11 thoughts on “Paddling Nepal

  • January 28, 2013 at 9:26 pm

    Well it wasn’t on my “must hit” list but after seeing your first two posts about the Annapurna’s, I’m SOLD!!!! I’m surprised after that hike you guys aren’t relaxing on a beach somewhere! I went white water rafting once and it was one of the funnest things I’ve ever done, would love to go again!

  • January 29, 2013 at 5:22 am

    First comment!

    the first email i got this morning,recalled my memories in Nepal.

    Still can see the dusty wind on the road when i close my eye.
    We are going to Biei Japan on Mar 2nd to held our wedding ceremony.
    Have ever been there when you guys in Japan?

    There are a lot of things should be done be for March…
    damn… a wedding is not easy…for the both mind and body…

    Will send you photos after this ~
    Good luck guys


    • January 29, 2013 at 5:43 pm

      We were hoping you’d get a kick out of this! Loved that we could meet you in Nepal and then see you in Shanghai a month later..the world is getting smaller! We didn’t get to Biei Japan but that is not too far from Daisetsuzan NP which was beautiful! Sounds like your dreams of a snowy wedding will come true! Good luck and keep in touch!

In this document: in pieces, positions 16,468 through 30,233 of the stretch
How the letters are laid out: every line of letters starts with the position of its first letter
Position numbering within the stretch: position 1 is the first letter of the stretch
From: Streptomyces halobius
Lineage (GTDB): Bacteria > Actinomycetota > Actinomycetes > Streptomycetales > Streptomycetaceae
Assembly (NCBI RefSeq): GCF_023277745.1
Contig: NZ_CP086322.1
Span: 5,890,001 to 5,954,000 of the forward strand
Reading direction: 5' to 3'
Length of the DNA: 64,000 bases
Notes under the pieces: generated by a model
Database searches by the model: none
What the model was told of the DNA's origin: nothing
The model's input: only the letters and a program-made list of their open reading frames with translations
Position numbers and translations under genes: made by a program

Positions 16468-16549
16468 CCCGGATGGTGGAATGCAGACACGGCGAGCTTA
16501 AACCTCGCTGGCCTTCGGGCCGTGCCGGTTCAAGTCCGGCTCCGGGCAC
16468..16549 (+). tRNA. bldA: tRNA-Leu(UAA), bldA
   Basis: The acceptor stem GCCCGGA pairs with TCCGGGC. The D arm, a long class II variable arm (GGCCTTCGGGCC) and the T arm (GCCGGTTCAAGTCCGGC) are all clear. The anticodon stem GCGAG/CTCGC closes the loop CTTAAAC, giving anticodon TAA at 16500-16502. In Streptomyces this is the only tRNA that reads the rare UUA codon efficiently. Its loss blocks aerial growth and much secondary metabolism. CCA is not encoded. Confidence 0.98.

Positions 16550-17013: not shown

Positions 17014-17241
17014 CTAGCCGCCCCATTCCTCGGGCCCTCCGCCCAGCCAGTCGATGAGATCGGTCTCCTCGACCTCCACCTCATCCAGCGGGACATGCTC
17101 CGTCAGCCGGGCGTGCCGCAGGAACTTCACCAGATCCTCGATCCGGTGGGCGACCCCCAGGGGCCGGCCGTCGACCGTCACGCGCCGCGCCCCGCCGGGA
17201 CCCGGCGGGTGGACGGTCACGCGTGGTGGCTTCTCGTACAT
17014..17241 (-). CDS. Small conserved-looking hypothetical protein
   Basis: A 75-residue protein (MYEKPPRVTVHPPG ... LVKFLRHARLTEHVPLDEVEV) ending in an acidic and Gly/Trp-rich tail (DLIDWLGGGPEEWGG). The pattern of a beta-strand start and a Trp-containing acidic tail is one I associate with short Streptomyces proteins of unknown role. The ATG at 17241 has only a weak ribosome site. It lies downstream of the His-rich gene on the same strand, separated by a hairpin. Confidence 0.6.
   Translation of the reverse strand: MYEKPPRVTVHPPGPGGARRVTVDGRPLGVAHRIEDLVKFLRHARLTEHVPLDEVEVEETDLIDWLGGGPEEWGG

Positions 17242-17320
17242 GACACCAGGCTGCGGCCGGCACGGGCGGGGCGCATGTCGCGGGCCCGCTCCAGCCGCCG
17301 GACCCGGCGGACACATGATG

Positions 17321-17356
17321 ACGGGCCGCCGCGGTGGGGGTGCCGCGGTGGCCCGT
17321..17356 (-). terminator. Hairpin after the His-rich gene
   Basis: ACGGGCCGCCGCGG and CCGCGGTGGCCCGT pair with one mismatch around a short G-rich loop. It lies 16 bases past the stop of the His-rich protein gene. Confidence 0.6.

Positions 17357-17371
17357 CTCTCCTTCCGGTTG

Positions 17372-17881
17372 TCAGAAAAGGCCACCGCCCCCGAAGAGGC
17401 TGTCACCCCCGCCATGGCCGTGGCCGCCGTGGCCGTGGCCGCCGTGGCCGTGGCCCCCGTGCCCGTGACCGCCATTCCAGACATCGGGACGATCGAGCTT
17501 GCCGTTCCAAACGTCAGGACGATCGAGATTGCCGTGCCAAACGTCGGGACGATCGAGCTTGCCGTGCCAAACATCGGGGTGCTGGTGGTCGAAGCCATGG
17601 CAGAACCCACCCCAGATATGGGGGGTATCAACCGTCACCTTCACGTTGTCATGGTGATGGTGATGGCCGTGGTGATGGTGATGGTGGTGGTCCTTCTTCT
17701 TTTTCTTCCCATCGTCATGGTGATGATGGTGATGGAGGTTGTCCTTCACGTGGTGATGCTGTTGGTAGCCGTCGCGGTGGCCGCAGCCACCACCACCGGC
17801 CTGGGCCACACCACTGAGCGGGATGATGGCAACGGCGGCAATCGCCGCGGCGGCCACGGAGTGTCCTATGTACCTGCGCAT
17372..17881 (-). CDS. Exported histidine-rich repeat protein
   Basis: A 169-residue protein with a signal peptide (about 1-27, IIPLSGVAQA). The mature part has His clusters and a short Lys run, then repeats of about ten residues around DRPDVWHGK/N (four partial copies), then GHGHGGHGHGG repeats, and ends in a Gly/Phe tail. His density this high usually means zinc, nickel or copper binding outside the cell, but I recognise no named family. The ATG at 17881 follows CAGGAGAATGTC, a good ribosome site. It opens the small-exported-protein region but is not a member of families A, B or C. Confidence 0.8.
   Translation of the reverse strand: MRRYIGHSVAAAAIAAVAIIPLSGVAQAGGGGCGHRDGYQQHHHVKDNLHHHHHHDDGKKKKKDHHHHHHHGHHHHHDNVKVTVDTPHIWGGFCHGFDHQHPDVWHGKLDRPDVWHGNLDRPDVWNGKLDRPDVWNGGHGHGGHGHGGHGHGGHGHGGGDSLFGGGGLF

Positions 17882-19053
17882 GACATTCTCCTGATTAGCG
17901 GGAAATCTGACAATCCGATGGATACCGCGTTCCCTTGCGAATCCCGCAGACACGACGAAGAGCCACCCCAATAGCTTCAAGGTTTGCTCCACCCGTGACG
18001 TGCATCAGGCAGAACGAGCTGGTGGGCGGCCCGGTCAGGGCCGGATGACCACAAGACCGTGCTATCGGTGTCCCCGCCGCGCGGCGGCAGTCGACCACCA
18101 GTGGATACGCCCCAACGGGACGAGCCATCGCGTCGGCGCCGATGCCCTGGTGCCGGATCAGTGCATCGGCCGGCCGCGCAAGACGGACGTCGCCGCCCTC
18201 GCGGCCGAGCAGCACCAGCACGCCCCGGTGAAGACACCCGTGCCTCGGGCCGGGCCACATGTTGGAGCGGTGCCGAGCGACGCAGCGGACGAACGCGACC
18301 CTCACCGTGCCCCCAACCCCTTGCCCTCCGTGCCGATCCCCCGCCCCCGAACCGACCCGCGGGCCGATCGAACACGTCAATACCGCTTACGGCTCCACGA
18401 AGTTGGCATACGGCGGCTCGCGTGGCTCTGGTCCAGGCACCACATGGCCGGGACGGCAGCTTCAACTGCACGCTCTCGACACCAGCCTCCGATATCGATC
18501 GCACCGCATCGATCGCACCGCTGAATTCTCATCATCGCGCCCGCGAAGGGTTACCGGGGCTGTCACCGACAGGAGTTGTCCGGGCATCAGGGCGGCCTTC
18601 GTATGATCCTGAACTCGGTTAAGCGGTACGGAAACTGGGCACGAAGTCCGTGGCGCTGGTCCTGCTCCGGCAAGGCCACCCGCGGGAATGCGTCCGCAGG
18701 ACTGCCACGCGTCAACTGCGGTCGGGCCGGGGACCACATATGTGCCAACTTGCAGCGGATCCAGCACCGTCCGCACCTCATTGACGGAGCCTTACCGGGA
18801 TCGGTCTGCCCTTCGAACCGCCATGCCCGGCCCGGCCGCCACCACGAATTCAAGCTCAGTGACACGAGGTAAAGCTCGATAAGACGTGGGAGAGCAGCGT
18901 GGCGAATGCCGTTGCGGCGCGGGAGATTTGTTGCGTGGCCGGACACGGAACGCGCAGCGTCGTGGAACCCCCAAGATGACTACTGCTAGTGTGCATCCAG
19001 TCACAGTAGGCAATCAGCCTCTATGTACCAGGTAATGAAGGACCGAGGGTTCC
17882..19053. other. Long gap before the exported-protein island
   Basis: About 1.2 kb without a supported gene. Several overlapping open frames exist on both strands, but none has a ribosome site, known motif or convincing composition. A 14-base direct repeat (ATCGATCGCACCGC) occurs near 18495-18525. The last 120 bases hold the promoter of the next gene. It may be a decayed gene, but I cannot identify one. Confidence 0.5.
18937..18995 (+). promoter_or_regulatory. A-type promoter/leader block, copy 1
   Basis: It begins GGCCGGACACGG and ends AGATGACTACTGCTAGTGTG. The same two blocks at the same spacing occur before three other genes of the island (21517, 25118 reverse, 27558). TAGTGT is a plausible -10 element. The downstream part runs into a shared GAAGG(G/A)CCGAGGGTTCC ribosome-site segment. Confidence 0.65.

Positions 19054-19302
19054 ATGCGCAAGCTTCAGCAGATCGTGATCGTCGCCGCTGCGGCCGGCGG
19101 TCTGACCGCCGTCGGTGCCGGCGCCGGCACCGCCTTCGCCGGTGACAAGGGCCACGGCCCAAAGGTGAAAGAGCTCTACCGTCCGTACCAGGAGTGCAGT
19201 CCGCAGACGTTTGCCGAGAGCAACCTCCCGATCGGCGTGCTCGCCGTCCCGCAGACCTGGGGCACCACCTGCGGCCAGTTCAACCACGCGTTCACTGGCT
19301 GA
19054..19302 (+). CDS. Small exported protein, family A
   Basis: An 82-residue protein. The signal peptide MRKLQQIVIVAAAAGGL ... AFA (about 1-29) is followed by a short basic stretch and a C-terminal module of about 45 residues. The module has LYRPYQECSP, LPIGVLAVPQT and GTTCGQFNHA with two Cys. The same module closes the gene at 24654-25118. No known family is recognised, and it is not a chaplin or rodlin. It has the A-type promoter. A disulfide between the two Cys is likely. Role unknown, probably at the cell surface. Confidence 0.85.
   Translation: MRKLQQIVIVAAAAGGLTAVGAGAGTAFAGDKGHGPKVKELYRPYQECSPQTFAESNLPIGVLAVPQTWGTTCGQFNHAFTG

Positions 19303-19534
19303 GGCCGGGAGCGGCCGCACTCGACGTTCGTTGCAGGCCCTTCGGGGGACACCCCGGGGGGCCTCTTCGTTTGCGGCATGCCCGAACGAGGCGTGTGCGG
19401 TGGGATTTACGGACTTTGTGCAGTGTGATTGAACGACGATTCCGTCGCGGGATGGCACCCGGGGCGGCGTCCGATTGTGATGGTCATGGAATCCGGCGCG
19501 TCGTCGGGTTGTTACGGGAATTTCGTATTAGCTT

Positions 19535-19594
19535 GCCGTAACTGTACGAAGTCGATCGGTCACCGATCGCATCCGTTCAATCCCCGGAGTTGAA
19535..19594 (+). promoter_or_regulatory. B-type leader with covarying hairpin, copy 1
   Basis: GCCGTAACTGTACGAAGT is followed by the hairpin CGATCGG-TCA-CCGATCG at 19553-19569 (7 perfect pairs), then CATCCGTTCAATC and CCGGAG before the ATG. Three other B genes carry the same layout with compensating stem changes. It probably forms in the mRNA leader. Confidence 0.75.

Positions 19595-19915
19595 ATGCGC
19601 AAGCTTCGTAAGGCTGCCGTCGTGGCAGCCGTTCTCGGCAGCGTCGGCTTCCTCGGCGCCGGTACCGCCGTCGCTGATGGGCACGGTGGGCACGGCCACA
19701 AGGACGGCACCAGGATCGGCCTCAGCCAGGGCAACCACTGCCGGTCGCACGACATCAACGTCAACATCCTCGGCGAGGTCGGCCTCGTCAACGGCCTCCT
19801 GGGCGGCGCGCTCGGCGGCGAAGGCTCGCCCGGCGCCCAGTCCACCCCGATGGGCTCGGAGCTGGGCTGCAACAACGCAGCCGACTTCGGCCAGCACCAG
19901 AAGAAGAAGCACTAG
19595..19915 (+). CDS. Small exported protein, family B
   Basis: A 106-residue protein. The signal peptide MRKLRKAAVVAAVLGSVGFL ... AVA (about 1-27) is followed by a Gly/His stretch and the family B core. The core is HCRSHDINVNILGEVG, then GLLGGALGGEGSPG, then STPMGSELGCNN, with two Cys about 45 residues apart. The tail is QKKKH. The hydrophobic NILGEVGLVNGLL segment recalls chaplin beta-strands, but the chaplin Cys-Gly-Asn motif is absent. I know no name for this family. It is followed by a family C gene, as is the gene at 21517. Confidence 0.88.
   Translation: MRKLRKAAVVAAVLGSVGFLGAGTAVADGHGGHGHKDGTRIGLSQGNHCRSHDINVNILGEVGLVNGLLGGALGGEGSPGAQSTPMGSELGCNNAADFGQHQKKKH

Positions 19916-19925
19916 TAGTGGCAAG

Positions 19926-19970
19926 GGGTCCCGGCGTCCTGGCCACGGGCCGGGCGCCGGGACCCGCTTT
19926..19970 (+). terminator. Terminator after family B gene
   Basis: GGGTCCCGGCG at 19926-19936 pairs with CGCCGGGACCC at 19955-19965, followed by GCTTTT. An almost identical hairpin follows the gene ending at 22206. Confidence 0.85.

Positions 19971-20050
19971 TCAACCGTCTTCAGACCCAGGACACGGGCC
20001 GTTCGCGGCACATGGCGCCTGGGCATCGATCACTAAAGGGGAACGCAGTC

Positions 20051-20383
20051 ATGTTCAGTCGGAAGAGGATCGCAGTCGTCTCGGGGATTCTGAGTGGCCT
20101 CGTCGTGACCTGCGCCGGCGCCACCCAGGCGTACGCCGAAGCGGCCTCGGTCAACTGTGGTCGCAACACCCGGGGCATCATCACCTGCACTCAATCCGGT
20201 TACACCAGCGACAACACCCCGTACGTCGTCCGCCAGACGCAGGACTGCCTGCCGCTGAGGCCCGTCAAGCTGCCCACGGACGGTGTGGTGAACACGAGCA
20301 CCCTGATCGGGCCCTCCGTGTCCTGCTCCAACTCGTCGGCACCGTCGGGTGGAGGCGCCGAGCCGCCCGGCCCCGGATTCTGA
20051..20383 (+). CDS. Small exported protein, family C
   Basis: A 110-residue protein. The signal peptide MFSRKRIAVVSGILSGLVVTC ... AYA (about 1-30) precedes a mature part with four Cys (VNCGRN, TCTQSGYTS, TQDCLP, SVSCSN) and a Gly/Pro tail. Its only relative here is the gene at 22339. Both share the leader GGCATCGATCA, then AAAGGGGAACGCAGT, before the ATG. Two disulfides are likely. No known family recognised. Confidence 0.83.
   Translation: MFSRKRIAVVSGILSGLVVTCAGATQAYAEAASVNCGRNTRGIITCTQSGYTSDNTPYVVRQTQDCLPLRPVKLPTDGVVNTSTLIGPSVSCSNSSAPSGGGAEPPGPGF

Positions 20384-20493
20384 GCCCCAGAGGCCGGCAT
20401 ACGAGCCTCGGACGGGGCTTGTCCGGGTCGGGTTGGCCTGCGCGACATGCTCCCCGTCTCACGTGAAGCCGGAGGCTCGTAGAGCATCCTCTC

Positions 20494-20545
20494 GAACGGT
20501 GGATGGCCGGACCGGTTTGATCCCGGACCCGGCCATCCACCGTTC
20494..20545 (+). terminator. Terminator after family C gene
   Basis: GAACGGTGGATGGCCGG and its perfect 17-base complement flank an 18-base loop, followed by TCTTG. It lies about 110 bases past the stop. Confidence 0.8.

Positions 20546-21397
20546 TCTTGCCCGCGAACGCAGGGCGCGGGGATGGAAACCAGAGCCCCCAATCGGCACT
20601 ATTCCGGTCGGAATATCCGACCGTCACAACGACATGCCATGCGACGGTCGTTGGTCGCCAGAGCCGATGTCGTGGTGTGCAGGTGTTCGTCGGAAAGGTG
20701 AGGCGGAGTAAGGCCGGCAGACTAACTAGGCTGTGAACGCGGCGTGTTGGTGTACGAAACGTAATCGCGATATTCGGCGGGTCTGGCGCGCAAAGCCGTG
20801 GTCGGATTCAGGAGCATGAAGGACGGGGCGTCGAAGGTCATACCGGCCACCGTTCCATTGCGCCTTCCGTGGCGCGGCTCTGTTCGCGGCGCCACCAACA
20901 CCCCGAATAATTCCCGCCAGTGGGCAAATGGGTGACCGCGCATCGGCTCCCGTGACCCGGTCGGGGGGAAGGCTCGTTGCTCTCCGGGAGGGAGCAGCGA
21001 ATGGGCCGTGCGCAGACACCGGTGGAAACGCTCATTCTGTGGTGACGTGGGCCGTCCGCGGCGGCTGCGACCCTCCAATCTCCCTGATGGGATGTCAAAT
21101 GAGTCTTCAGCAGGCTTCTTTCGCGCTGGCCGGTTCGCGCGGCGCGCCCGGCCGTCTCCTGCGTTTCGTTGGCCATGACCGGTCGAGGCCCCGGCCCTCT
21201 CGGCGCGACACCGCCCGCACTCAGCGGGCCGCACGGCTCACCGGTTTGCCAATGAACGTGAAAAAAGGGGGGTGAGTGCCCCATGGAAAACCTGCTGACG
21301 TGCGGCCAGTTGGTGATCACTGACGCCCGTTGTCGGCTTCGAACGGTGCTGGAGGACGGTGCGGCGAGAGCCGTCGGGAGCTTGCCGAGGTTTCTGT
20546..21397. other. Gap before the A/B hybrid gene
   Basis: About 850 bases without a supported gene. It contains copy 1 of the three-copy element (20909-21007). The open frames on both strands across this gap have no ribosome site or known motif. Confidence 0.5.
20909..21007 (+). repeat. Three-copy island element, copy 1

• January 29, 2013 at 6:26 am

    The Legendary Adventures of Anna – i am telling you what…Nepal is without a doubt in my top 3 countries we have visited on the entire HoneyTrek. did you see the photos from Bhaktapur and Kathmandu?….OMG. you must get there. Jim Steere yes you do my brotha!

  • January 29, 2013 at 2:10 pm

    Hey guys, this trip looks awesome, a really unique way to experience Nepal. How hairy were the rapids? Did anyone fall out? Seems like you had a blast!

    • January 29, 2013 at 5:47 pm

      Spending two days on the river added a whole other dimension to the our Nepali experience. So glad we did it! We went just at the tail end of the monsoon season so the most famous rivers were raging to the point they were closed to the public. The lower Seti was fun and still pretty wild but I think upper Seti is when it gets into the big dog rapids.

  • February 1, 2013 at 7:55 pm

    Hi, I had a great time being with you on the Seti river and enjoyed our campfire diner with Rakshi. Your blog is really impressive. Keep on the great trip. One day we will meet again. Eli

    • February 6, 2013 at 4:29 pm

      Eli, thanks for the comment. We also had a fun time with you, and your smile and good spirit was infectious (and for the record still makes us smile when we think back to that day)….and anyone that wants to see what we mean, look at the slideshow and look for the man smiling from ear to ear in EVERY photo!!!! – with regards to meeting again, i think good people have a way of making that happen 🙂 we WILL meet again.

  • March 9, 2013 at 11:26 am

    Nice Article. Visit here for more Tour Packages